“The Co-op Group is investing heavily in its own supply chain,” said an East of England spokeswoman. “This includes building a new distribution centre close to our trading area, which can handle the requirements of our branches at the level of service we expect.

“We are faced with ongoing increases in competition and the need to achieve further efficiencies. We believe we have a one off opportunity to make the decision to be part of the network whilst Group are planning their new capacity.”

The move would also affect Chelmsford Star, which is supplied with ambient products from the East of England distribution centre. Chelmsford Star originally shared a warehouse with the Norwich Co-op Society, Ipswich Co-op, and the Colchester & East Essex Co-op, under the auspices of the East Anglian Federal Co-operative Society.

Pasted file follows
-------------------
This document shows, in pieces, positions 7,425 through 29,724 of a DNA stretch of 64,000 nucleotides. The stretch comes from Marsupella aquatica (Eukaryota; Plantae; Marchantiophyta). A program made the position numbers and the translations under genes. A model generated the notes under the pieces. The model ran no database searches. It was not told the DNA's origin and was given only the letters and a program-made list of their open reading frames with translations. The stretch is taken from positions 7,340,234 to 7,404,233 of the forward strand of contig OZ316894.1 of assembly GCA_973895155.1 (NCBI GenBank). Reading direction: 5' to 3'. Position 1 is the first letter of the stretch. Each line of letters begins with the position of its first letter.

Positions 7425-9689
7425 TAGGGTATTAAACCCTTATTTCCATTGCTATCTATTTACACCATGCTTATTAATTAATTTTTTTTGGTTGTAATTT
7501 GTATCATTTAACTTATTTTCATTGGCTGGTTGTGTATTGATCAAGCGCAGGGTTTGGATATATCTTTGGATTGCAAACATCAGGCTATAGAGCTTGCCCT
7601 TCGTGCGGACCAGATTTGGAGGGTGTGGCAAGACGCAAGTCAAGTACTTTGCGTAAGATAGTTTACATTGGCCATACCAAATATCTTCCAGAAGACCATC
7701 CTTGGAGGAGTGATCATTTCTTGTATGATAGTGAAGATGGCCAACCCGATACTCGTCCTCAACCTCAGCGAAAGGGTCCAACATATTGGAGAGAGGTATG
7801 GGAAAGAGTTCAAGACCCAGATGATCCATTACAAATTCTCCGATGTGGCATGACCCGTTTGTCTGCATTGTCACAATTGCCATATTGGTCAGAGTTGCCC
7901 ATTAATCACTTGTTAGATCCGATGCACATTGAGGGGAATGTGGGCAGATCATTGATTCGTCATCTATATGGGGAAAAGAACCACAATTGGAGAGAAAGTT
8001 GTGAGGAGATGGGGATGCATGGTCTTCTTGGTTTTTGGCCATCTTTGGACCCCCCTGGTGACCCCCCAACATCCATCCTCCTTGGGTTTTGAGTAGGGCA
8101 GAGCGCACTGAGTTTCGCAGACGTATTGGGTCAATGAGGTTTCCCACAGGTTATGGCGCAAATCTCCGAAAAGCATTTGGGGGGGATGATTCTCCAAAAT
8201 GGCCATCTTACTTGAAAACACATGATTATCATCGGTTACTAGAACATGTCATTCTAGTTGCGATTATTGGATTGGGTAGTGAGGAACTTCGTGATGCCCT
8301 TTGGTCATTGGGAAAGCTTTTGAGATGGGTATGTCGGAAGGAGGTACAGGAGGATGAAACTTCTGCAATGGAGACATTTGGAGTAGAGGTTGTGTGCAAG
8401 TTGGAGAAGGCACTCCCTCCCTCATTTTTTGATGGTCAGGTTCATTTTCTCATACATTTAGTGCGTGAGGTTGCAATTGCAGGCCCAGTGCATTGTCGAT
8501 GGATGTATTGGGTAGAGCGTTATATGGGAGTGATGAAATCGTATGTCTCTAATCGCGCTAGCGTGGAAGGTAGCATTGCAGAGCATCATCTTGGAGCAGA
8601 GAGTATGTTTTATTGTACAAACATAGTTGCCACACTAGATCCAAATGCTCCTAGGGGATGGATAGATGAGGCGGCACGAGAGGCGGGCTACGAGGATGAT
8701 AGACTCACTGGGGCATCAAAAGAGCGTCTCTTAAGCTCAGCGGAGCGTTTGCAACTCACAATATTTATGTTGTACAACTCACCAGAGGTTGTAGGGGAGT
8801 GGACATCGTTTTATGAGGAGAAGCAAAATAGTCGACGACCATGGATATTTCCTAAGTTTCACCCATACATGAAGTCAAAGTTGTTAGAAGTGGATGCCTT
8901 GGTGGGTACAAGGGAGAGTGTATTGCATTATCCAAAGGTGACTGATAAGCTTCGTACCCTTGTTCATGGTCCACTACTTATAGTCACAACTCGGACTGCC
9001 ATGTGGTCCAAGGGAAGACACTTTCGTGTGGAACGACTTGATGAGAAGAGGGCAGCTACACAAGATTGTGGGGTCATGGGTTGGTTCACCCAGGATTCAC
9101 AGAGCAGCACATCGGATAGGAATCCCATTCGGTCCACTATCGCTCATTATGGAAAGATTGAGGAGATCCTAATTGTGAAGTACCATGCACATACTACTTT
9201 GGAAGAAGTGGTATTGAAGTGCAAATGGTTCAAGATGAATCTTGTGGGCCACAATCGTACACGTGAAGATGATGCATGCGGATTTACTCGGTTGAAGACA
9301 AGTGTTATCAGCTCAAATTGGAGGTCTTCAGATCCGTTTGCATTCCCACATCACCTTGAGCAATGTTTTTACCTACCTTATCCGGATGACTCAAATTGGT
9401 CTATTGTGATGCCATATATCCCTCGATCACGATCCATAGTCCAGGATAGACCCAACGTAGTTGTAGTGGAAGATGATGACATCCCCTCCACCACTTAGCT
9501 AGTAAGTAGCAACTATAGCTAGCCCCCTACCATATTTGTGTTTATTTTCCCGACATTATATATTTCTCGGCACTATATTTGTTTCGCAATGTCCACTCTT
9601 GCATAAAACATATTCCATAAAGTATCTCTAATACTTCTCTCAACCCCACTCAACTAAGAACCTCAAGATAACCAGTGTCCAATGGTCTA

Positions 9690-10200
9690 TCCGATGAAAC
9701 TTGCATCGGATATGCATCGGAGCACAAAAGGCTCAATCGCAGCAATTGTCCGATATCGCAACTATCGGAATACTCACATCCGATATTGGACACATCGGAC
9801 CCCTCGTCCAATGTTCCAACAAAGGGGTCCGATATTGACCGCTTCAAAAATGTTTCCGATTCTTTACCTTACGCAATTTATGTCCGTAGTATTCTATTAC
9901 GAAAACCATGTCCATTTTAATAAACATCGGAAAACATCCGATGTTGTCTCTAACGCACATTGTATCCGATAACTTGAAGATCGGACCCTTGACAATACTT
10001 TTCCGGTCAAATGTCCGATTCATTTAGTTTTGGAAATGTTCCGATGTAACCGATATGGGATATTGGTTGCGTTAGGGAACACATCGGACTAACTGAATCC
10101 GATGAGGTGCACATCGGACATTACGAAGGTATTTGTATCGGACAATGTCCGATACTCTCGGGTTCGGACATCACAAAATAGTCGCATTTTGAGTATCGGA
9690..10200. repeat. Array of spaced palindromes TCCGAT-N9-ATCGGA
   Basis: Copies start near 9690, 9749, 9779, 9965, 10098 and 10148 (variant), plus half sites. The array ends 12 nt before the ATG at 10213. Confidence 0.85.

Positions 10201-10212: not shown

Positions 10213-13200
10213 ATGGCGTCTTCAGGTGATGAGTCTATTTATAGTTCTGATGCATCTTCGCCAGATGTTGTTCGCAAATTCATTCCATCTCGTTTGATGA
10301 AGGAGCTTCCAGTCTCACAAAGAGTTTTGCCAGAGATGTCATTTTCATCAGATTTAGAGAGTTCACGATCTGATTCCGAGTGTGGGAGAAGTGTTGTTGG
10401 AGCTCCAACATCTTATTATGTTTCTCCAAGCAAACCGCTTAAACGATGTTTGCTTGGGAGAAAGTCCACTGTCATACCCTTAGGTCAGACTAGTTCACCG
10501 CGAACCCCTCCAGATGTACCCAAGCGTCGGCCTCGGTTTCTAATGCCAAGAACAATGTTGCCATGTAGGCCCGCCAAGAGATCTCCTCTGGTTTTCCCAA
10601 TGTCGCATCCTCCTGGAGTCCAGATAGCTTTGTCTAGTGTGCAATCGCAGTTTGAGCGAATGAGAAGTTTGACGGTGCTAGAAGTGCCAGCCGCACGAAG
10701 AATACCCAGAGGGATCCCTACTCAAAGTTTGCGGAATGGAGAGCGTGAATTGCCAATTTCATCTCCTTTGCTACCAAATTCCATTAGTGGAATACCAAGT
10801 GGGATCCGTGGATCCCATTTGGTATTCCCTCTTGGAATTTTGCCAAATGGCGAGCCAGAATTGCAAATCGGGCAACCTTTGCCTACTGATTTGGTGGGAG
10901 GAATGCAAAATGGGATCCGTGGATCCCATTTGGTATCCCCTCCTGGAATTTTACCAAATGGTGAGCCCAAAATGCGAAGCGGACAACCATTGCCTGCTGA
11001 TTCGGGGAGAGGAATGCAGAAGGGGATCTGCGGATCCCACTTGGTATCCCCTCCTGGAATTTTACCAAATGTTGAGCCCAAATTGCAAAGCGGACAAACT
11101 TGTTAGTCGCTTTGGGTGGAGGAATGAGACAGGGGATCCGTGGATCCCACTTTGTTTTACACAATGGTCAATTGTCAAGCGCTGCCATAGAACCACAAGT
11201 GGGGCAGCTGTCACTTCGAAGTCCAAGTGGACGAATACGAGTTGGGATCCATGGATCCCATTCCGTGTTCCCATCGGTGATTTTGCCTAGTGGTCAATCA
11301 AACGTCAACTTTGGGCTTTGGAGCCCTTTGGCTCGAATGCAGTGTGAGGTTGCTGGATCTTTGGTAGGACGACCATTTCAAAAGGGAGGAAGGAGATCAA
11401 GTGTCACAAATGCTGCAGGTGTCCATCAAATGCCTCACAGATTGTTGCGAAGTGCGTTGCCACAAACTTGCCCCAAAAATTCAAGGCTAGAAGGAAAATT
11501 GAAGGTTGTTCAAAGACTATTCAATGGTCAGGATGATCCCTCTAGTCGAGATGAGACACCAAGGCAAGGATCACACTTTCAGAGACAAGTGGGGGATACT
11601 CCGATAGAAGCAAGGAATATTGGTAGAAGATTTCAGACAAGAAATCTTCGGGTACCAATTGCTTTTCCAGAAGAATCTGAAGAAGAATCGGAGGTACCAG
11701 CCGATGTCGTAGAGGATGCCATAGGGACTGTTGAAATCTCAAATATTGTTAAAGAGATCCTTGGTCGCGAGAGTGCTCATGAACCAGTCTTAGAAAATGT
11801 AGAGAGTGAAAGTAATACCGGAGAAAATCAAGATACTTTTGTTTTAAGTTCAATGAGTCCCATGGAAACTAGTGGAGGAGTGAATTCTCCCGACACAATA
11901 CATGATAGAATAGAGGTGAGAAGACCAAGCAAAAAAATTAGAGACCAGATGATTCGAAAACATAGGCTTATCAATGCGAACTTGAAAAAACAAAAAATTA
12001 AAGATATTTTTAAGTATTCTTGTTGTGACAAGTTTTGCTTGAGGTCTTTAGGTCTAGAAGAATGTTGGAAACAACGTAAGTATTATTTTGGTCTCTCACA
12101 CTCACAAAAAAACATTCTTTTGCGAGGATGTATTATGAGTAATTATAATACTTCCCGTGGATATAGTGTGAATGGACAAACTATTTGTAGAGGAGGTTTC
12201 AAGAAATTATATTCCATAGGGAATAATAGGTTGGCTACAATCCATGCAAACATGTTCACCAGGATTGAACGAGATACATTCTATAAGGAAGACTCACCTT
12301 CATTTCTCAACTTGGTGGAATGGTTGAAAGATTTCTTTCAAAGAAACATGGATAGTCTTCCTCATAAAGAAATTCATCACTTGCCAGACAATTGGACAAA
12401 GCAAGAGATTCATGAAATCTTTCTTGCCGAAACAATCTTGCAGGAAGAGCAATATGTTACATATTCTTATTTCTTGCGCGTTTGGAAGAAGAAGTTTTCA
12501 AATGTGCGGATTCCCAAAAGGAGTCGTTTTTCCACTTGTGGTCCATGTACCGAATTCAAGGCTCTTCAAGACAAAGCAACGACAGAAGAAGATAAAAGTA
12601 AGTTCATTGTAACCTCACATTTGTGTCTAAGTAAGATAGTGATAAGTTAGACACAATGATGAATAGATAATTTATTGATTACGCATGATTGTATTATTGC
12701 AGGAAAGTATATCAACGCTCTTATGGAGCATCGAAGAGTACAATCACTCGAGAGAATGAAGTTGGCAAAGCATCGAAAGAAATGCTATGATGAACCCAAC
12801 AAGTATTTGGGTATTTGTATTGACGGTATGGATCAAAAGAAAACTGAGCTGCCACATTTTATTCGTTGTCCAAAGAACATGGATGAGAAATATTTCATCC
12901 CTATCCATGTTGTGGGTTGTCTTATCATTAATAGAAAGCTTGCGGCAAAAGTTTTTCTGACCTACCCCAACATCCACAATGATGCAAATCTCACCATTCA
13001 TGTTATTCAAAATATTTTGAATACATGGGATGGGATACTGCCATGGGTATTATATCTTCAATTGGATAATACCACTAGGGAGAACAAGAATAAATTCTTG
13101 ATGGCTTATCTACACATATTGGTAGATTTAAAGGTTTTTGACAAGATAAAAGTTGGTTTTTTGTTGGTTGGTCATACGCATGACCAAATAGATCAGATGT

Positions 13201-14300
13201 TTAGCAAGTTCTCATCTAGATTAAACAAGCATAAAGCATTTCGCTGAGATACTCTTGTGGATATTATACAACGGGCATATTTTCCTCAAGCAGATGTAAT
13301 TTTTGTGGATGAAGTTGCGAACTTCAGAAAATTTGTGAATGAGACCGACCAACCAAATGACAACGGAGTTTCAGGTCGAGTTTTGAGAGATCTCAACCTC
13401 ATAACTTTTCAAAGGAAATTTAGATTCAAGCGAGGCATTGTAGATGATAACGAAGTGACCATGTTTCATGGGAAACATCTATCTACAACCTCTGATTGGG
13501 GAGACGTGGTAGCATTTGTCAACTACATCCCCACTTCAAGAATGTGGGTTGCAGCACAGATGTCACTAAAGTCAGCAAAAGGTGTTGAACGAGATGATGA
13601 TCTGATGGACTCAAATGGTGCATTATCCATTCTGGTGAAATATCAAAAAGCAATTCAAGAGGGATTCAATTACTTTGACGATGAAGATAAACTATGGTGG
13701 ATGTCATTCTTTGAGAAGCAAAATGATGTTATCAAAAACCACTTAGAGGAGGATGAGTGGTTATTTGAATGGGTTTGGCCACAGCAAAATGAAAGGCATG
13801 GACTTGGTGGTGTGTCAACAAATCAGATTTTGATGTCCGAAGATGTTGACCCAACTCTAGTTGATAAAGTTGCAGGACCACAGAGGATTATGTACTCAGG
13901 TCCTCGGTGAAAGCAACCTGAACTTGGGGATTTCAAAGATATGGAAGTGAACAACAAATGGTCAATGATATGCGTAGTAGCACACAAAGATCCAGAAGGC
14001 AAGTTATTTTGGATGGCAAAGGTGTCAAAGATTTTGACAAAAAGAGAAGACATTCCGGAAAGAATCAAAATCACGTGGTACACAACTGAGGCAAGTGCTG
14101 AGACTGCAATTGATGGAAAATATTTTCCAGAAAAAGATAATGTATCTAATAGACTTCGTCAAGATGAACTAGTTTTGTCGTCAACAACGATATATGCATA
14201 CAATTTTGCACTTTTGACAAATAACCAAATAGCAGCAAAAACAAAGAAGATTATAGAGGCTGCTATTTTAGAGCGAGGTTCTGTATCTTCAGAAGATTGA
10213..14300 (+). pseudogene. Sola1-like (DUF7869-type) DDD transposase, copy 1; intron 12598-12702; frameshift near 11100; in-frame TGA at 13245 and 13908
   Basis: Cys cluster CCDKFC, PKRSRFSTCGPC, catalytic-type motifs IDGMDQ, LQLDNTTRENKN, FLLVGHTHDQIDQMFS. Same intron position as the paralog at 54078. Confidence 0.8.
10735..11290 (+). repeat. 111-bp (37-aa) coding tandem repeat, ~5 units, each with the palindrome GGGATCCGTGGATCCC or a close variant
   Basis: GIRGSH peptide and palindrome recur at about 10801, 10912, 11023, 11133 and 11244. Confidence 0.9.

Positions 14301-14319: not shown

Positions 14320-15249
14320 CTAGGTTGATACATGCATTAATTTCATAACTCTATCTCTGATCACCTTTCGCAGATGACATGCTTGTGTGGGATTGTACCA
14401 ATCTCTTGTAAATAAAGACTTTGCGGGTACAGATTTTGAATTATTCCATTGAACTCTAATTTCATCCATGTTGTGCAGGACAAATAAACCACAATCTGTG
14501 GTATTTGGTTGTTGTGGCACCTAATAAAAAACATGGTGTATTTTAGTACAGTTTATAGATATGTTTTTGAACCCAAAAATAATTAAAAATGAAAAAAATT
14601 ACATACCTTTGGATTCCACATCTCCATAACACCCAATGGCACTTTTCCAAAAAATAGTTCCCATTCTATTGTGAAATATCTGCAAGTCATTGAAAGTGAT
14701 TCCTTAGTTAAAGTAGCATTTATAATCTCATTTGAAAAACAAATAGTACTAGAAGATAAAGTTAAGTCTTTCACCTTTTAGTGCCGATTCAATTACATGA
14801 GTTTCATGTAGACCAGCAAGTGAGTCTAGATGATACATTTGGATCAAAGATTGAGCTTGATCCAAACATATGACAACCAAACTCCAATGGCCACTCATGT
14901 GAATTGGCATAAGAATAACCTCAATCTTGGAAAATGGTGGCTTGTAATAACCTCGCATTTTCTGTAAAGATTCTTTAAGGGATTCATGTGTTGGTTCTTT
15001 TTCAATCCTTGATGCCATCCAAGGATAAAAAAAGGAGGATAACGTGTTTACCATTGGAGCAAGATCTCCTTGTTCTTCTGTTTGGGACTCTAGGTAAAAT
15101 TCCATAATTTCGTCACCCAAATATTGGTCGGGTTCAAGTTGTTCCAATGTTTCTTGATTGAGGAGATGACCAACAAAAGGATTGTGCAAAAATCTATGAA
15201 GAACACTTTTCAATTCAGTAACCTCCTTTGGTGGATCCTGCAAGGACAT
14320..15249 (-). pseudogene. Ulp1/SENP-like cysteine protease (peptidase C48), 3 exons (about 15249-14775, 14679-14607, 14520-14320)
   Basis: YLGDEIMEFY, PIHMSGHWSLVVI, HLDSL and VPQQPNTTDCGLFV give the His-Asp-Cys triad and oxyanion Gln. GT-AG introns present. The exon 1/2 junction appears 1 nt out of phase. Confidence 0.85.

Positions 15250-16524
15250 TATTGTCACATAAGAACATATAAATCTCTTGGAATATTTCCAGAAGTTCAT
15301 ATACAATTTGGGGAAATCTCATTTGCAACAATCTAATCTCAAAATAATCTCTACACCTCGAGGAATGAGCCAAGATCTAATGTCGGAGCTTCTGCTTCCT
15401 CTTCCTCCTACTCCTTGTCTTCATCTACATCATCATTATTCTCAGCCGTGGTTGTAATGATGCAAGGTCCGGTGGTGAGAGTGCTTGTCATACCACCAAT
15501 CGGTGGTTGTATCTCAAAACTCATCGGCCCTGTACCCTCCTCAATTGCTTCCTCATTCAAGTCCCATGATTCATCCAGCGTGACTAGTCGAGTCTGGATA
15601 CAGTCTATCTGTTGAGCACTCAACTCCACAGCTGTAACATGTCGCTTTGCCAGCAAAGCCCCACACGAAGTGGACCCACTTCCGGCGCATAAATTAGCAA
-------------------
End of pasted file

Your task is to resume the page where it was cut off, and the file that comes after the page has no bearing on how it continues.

“Over the years, when they combined to become East of England and took over the running of the centre, we’ve continued to work alongside them closely,” said a Chelmsford Star spokesman.

“We cannot make any concrete decisions while this plan is still in the consultation phase, but it would seem appropriate to fully integrate into the Co-op Group network at the same time as East of England – if that is the outcome of the consultation – should that be deemed to be in the best interest of our own members.

“We have an extremely good relationship with our neighbours at the East of England Co-op, and we will continue to work with them to further the cause of co-operation wherever we can.”

Lincolnshire

Meanwhile, Lincolnshire Co-op has announced plans to close its two food distribution centre sites in the south of Lincoln, on Whisby Road and Pioneer Way, which currently relay ambient goods to the society’s 83 food stores.

As with East of England, the Group already supplies Lincolnshire with fresh and frozen products. The Group’s network will take over the distribution of ambient goods to Lincolnshire Co-op food stores from Monday 11 September 2017.